3 Ways to Improve Your Mental Health Resilience – Right Now!

Now is the time to learn how to strengthen your mental health resilience. Resilient people are able to recover more quickly and easily from difficult circumstances. Taking the time to build your mental health resilience can help you feel a sense of personal power in a world that can feel out of control.

In today’s blog, we are going to learn three research-based strategies that you can use to strengthen your mental health resilience right now.

Strengthen Relationship Connections – The biggest predictor of resilience is an active social network of social connections. I know, it’s hard right now, but finding ways to stay emotionally connected with others even when physically distanced is more important than ever. Being disconnected and separated is against our nature as humans. 

Practice: Take a moment to make a list of friends you haven’t spoken to lately, and call one.

Change Your Orientation – The way you think about the pandemic can influence your ability to adapt and bounce back. Having an active orientation instead of a passive orientation to the pandemic builds resilience.

Active Orientation: Involves accepting what is right now and determining what you can do to move forward given the situation you are in.  

Passive Orientation: Involves waiting for it to go away, wishing it wasn’t here, blaming others, or feeling like a victim to the situation.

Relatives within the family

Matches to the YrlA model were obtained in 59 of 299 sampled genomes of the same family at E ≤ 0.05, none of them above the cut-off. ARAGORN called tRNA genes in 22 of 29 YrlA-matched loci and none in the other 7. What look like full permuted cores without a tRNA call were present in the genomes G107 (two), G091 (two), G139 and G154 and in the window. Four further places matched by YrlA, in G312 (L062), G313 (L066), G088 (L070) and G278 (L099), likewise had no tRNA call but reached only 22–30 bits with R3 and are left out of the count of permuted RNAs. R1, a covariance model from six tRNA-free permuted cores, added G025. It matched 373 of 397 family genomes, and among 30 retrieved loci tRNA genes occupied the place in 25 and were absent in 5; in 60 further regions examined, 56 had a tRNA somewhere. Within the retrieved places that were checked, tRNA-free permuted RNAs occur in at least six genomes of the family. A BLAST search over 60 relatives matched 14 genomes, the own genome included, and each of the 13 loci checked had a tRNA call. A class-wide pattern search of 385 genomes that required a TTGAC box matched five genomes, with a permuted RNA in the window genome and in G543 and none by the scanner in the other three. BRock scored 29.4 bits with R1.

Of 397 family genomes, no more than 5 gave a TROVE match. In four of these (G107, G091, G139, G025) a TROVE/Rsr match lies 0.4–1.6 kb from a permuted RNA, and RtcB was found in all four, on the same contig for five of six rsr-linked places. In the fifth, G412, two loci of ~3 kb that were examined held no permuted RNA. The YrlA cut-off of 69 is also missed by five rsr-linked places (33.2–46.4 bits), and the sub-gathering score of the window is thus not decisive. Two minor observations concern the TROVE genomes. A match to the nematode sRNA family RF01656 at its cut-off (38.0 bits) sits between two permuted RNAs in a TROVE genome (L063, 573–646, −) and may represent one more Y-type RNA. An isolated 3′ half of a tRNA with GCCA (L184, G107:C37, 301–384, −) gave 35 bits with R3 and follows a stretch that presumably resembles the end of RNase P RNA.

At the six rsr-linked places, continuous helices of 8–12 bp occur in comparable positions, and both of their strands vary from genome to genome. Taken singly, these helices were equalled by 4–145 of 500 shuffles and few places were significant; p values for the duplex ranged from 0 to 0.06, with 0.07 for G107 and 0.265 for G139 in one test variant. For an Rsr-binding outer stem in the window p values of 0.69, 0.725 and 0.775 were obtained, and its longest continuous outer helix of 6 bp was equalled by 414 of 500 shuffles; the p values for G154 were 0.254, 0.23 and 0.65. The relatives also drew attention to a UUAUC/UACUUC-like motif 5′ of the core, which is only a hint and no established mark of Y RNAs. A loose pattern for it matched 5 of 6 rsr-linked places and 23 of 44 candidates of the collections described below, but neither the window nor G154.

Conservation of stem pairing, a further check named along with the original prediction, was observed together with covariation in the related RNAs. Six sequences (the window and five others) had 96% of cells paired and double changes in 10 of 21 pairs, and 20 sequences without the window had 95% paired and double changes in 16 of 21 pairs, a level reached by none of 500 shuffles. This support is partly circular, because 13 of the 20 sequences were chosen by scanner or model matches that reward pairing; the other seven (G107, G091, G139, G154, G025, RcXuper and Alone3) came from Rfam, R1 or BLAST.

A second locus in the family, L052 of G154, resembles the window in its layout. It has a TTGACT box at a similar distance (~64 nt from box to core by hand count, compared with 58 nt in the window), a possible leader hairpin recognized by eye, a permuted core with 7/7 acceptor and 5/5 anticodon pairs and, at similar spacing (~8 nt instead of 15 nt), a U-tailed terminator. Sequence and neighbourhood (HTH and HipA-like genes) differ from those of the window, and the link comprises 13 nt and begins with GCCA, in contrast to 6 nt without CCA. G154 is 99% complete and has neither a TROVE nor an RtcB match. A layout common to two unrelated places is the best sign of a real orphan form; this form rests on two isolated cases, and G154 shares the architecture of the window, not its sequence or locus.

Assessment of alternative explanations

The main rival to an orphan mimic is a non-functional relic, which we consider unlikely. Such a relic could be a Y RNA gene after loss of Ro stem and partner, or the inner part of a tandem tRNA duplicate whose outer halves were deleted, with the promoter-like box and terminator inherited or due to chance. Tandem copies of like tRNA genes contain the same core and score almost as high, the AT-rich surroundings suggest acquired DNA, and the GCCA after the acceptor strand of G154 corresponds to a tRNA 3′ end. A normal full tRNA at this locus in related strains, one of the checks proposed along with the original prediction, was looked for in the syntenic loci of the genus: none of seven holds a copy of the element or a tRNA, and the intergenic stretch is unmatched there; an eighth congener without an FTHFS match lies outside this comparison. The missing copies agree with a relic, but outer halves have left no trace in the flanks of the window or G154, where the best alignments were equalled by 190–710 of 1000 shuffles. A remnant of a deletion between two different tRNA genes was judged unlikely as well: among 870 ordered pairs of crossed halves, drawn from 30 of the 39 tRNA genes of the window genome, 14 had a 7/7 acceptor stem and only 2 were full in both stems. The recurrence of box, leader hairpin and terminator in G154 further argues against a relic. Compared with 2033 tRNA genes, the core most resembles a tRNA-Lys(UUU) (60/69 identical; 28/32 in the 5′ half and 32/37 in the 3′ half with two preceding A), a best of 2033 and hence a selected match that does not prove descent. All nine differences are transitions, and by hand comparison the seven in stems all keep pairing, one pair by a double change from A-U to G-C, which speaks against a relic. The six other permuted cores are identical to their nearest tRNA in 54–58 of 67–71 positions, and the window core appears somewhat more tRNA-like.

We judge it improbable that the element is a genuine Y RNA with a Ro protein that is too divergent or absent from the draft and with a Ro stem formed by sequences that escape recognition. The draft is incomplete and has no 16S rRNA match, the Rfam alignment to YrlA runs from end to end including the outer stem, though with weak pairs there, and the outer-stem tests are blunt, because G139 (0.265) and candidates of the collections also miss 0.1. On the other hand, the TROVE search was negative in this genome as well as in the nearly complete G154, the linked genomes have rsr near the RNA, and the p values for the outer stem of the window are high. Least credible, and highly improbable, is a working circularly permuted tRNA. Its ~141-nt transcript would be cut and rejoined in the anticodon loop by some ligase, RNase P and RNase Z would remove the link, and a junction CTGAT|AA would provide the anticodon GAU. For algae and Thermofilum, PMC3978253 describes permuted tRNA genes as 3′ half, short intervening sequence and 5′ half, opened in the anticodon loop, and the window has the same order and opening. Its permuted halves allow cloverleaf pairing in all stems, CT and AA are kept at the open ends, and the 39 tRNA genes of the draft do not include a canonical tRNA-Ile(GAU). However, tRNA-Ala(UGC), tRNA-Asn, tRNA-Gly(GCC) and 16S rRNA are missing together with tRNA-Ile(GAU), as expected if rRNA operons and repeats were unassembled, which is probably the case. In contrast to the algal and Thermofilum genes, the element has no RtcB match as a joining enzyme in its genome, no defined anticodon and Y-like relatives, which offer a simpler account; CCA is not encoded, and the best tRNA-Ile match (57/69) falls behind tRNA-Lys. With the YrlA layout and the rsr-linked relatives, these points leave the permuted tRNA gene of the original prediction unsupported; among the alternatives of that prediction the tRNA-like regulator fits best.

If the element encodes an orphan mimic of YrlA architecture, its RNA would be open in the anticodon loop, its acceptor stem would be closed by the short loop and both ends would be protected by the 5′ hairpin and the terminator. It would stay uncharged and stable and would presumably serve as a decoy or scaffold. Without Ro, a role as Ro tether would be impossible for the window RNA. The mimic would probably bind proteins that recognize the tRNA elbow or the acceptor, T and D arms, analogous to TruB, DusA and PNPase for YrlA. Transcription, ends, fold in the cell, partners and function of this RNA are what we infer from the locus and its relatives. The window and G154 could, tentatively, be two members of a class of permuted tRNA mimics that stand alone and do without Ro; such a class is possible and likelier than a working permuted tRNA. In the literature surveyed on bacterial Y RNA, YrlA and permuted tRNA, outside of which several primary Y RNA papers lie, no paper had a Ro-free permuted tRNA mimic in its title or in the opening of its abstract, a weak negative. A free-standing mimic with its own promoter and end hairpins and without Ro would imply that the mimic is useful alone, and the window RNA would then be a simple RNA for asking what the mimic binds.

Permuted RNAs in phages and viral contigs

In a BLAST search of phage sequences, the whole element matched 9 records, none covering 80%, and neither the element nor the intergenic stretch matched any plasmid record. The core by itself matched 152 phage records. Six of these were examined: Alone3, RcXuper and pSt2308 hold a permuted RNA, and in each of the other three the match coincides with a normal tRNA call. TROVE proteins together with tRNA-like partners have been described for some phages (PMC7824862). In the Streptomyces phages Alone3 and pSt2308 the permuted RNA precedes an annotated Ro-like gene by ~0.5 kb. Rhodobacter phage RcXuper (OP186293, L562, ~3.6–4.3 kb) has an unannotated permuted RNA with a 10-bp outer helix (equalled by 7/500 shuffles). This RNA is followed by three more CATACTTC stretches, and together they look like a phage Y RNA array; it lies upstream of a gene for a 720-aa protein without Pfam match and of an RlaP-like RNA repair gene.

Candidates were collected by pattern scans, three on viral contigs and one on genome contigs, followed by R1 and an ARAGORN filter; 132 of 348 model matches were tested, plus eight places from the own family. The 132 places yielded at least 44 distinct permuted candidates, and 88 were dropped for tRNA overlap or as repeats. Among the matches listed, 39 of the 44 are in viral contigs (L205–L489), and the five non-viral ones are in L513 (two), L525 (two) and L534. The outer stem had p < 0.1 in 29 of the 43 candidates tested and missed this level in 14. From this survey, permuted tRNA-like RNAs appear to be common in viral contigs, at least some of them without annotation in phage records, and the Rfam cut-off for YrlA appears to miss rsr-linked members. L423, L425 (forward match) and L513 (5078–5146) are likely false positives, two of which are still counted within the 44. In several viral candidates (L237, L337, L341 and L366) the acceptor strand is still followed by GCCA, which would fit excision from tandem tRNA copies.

Practice: Ask yourself – What small thing can I do today to move forward?

Find the Positive, Possible, & Good – Resilient people are able to find the positive, the possible, and the good in difficult situations. This does not mean that they deny the reality that things are difficult. What they do do is look for places where they can find a way to positively reframe aspects of the situation. For example: The pandemic is bringing about opportunities for new beginnings, or old systems are breaking down so that new ones can be formed.

Practice: What is one opportunity available to you now that wasn’t as easily accessible before the pandemic?

Like what you’ve learned so far? Watch the video below to learn more strategies for building your mental health resilience.

Video: Building Emotional Resilience in Challenging Times

Video Provided By ACEP members Victoria Danzig LCSW & Dr. Enid Singer PhD

Need Help From a Professional?

Finding your way through these unprecedented times is difficult. It’s normal to need help with this. You don’t have to go through this alone. Check-out the ACEP practitioner directory to find a certified ACEP therapist in your area or Online.

Author:  Kirsten May Keach, MA, Licensed Marriage and Family Therapist

Kirsten Keach is a licensed marriage and family therapist based in Orlando, Florida. Her specialty is relationships. She helps couples and singles develop meaningful, lasting, soulful love relationships. Learn more about Kirsten here.


  1. That’s wonderful

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